The two are not mutually exclusive, instead they complement each other. Working together to create a clear and consistent retail experience that benefits both consumers and trade partners.
Talking all things trade, retail brand journo Matt Press said,
It’s critical for manufacturers to market their stuff because retailers obviously have millions of products to choose from when they’re deciding what’s going to be worth selling. After all, there’s only so much shelf space, right? Trade marketing tactics could prove to be the difference between a retailer choosing one product to sell over another.
In Press's opinion, the key benefits include generating more purchases at supply chain level, and in so doing, ensuring that the supply of your products can always meet demand. Furthermore, if your marketing is good enough, retailers will always promote your products and it can even help a business stay profitable if perhaps they don’t have a good idea of who their end user is.
Other benefits include brands gaining a stronger voice and presence, the opportunity for scalability for large and small businesses as well as creating a more competitive edge, building a wider market and ultimately, increasing product demand.
This type of marketing relies on insights from market research, economics, and analytics, providing trade partners with incentives, support and information that helps them sell a product or brand. This can include trade shows, sales training, merchandising, in-store displays, online specials, strategic partnerships, pricing, and even loyalty programmes that increases the partner’s profitability and builds longevity in terms of alliances.
When done well, it has huge benefits for companies but also for consumers as it encourages brands to design a better offer and promote on point customer experiences.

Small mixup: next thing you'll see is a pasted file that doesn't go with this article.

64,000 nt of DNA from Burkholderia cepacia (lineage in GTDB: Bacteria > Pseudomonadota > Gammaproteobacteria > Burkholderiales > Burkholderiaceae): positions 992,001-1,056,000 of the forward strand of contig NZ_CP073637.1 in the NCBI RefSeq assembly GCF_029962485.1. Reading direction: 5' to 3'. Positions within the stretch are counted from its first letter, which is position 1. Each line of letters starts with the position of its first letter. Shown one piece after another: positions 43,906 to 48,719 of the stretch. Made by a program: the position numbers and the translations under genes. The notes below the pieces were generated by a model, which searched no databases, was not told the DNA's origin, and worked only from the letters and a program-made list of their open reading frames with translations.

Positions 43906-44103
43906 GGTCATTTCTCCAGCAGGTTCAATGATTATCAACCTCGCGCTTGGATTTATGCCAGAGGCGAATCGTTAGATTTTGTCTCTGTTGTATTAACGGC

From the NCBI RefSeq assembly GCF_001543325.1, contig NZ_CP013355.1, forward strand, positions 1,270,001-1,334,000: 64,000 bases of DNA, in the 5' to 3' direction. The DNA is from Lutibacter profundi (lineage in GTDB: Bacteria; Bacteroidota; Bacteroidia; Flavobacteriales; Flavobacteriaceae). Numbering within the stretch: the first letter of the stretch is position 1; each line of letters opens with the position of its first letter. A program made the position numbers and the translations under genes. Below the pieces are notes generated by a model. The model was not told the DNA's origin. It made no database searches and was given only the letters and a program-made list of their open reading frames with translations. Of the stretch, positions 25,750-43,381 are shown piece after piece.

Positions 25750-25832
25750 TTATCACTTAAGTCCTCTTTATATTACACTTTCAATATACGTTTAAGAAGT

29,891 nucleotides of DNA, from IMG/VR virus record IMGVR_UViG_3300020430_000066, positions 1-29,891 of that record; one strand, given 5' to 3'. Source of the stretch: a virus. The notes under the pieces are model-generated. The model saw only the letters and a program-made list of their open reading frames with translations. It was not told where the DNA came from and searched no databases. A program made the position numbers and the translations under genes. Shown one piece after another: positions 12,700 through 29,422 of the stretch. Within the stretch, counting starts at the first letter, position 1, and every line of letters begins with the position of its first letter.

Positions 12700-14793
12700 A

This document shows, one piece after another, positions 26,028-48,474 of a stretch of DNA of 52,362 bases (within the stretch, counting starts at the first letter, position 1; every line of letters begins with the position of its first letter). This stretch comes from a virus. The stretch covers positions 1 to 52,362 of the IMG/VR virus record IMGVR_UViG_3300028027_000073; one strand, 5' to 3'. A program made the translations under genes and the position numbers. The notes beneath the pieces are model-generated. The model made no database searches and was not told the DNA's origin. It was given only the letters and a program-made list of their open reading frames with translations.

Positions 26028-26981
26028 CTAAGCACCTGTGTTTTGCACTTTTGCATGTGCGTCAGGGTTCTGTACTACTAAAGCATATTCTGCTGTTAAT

That said, it can also be tricky as one has to stay sharp. There was a Nielsen study that found that less than half of all trade promotions fail to increase brand or category growth – that’s a biggie.
To succeed, there needs to be a clear understanding of the market and innovative ways used to keep promotions fresh and exciting. Comms need to be consistently on point using eye catching designs, relationships built with trade partners and metrics put in place to make sure you’re hitting the sweet spot.
So too, it’s about keeping up with the latest trends and having visibility across all channels. An online trade marketing strategy these days is a no brainer - on social media, via email, content marketing as well as websites. At the same time despite the digital advantage, being clear about never forgetting to allow for close and frequent contact with partners. Digital marketers agree that trade marketing in e-commerce is particularly important as it’s a space where competition is high, and products are easily substitutable.
According to Quartz Sales, as we shape-shift on the regular these days, thanks to the use of advanced tech such as AI offering new solutions to old problems, this branch of marketing is moving to a new level. In a space where there is an expectation of getting quick and efficient answers to questions, AI solutions (for example ChatGPT) can assist consumers quickly, effortlessly and in real time.
So too, AI is transforming other areas of trade marketing, one being market segmentation, where large amounts of data can be processed, and patterns identified. Based on the results, specific products and promotions can be offered to groups of consumers who behave in a similar way.